(This article is a part of 'AI Told You So', a special series by The Quint that takes a closer look at the possibilities unlocked by Artificial Intelligence in various sectors and walks of life, where the technology stands today, and the challenges ahead.)
The singing bards of medieval Scotland or ancient Greece were often seen as keepers of history and tradition. But Google might be looking to give them new purpose.
At present, only "trusted testers" have been allowed to take a crack at Bard.
However, the AI chatbot could be made "more widely available to the public in the coming weeks," Pichai wrote.
"It’s a really exciting time to be working on these technologies as we translate deep research and breakthroughs into products that truly help people. That’s the journey we’ve been on with large language models (LLM)," Pichai added in his post.
Why it matters: The field of generative AI has been evolving at a rapid pace, such that the larger public is starting to take notice of the real-life applications of such AI models. This, in turn, has renewed interest among big tech companies and investors who are looking to get in the game.
Elephant in the chat room: It is no coincidence that Google is making big moves in the AI space just a month after Microsoft decided to go all in on ChatGPT – another revolutionary LLM chatbot that has been developed by Open AI.
In fact, things are moving so fast that Microsoft CEO Satya Nadella announced on Wednesday, 8 February, that the new version of its search engine Bing will be driven by the same tech that powers ChatGPT.
Its browser, Edge, is also expected to get an AI upgrade.
What Is ChatGPT? Catch Up Quick
ChatGPT has become the subject of much fanfare as it is capable of explaining a complex scientific phenomenon, generating lines of code, composing poems, among other tasks.
In fact, with the right prompt or question, there's little that ChatGPT can't come up with from scratch.
As a testament to its success and sophistication, Open AI has already rolled out a paid version of its chatbot called 'ChatGPT Professional'.
What Are Google's Plans for Bard?
With Bard, Google is looking to walk the tightrope between creativity and curiosity. The AI chatbot will be able to provide high-quality responses based on information that's available online, the tech giant revealed.
Further outlining its capabilities, Google said that Bard will be able to help "explain new discoveries from NASA’s James Webb Space Telescope to a 9-year-old, or learn more about the best strikers in football right now, and then get drills to build your skills."
Of course, Bard's primary use case will be integrating it with Google Search. But what will that look like?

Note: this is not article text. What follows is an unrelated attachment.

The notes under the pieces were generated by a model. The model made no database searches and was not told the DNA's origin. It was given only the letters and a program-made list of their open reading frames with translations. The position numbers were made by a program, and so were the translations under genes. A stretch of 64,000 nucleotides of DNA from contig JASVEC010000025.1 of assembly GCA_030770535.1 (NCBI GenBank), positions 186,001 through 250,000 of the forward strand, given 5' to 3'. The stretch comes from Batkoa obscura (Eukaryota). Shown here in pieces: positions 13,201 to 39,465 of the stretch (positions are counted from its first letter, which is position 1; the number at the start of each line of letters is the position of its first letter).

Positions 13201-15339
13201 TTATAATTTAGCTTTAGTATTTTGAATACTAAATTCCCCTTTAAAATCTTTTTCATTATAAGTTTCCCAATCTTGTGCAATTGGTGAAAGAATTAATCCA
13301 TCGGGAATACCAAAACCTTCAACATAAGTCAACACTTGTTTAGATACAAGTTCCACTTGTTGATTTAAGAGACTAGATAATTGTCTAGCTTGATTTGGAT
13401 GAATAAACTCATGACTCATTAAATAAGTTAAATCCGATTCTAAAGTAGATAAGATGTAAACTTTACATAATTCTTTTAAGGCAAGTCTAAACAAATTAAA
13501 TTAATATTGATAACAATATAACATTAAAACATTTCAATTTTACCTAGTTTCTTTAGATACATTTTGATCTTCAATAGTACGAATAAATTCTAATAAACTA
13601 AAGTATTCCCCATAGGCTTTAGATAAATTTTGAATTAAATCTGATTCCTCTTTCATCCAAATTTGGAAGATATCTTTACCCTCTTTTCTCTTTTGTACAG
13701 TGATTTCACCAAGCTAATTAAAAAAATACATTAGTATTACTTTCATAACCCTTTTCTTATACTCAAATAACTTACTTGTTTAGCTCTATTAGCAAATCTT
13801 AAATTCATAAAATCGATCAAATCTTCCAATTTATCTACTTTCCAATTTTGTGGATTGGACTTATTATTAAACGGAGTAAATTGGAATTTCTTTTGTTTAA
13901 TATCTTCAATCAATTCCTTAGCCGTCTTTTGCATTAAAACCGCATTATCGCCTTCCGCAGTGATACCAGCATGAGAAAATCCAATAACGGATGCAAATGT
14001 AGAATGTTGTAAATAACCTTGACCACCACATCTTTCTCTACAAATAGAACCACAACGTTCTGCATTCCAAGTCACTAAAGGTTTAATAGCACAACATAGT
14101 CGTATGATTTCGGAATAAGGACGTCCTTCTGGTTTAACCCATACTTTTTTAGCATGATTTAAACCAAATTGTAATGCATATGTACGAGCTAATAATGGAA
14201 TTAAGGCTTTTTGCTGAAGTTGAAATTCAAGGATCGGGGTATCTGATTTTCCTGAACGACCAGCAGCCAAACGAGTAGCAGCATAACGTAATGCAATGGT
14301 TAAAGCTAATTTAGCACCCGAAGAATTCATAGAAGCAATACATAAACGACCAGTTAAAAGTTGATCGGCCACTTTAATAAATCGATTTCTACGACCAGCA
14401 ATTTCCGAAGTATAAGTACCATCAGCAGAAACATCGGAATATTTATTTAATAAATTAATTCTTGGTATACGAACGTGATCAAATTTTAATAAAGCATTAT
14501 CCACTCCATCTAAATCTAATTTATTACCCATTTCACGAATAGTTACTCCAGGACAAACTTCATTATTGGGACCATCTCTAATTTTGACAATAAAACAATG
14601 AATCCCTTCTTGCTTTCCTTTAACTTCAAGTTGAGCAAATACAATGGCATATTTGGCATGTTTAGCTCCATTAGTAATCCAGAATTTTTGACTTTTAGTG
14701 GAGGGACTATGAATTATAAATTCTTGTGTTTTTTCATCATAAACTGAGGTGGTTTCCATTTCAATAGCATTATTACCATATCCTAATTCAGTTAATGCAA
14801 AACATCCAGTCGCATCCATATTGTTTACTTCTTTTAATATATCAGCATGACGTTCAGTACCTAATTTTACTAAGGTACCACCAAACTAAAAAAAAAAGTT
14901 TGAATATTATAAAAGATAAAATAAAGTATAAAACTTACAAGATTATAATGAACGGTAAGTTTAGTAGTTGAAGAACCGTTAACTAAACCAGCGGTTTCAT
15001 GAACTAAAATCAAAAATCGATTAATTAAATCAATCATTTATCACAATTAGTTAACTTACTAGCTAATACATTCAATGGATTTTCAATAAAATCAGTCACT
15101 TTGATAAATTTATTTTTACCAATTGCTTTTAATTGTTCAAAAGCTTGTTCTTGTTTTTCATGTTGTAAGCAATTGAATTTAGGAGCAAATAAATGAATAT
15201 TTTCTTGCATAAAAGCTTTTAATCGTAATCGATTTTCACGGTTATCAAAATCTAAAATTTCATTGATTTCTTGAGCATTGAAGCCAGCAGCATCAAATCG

While Google hasn't spelled out the role that Bard will play in enhancing its search engine, it has said that "AI will be helpful in those moments" where users are not just looking for factual answers but "deeper insights and understanding."
"Soon, you’ll see AI-powered features in Search that distill complex information and multiple perspectives into easy-to-digest formats, so you can quickly understand the big picture and learn more from the web: whether that’s seeking out additional perspectives, like blogs from people who play both piano and guitar, or going deeper on a related topic, like steps to get started as a beginner," the CEO's blog post read.
However, Google is yet to reveal when exactly these new AI features will be rolled out for Search.
What's Under the Hood of Bard?
Coming back to Google's Bard, the model is reportedly built on top of the tech company's own language model called LaMDA, that was announced back in 2021 with the intention of making conversations between humans and chatbots smoother.
"We’re releasing it [Bard] initially with our lightweight model version of LaMDA. This much smaller model requires significantly less computing power, enabling us to scale to more users, allowing for more feedback," Pichai explained.
Interestingly, LaMDA is the same chatbot that was said to have "come to life," at least according to software engineer Blake Lemoine who had apparently spent some time shooting the breeze with the AI model.
Lemoine's claim was quick to make headlines but it eventually cost him his job at Google.
How Does Bard Stack Up Against ChatGPT?
While it may be a bit early to start pitting Bard against ChatGPT, there are a few similarities that are pretty evident right off the bat.
For instance, both Google and Open AI have adopted a measured approach with their respective models. ChatGPT was reportedly trained using a cleaner dataset in order to avoid mistakes of the past – as seen in the case of GPT 3 and Codex, which were older Open AI models said to generate highly unfiltered responses.
Meanwhile, Google has said that it will "combine external feedback with our own internal testing to make sure Bard’s responses meet a high bar for quality, safety and groundedness in real-world information."
Another similarity is that the immediate applications of these LLM models will be to enhance search engine results. Chinese search giant Baidu also recently announced plans to launch its chatbot "Ernie" in March this year. Something else that's common between Bard and ChatGPT is that their knowledge appears to be limited to 2021 data.
Taking into account their resemblances, is it more likely that the two AI models could end up chit-chatting with each other? Food for thought.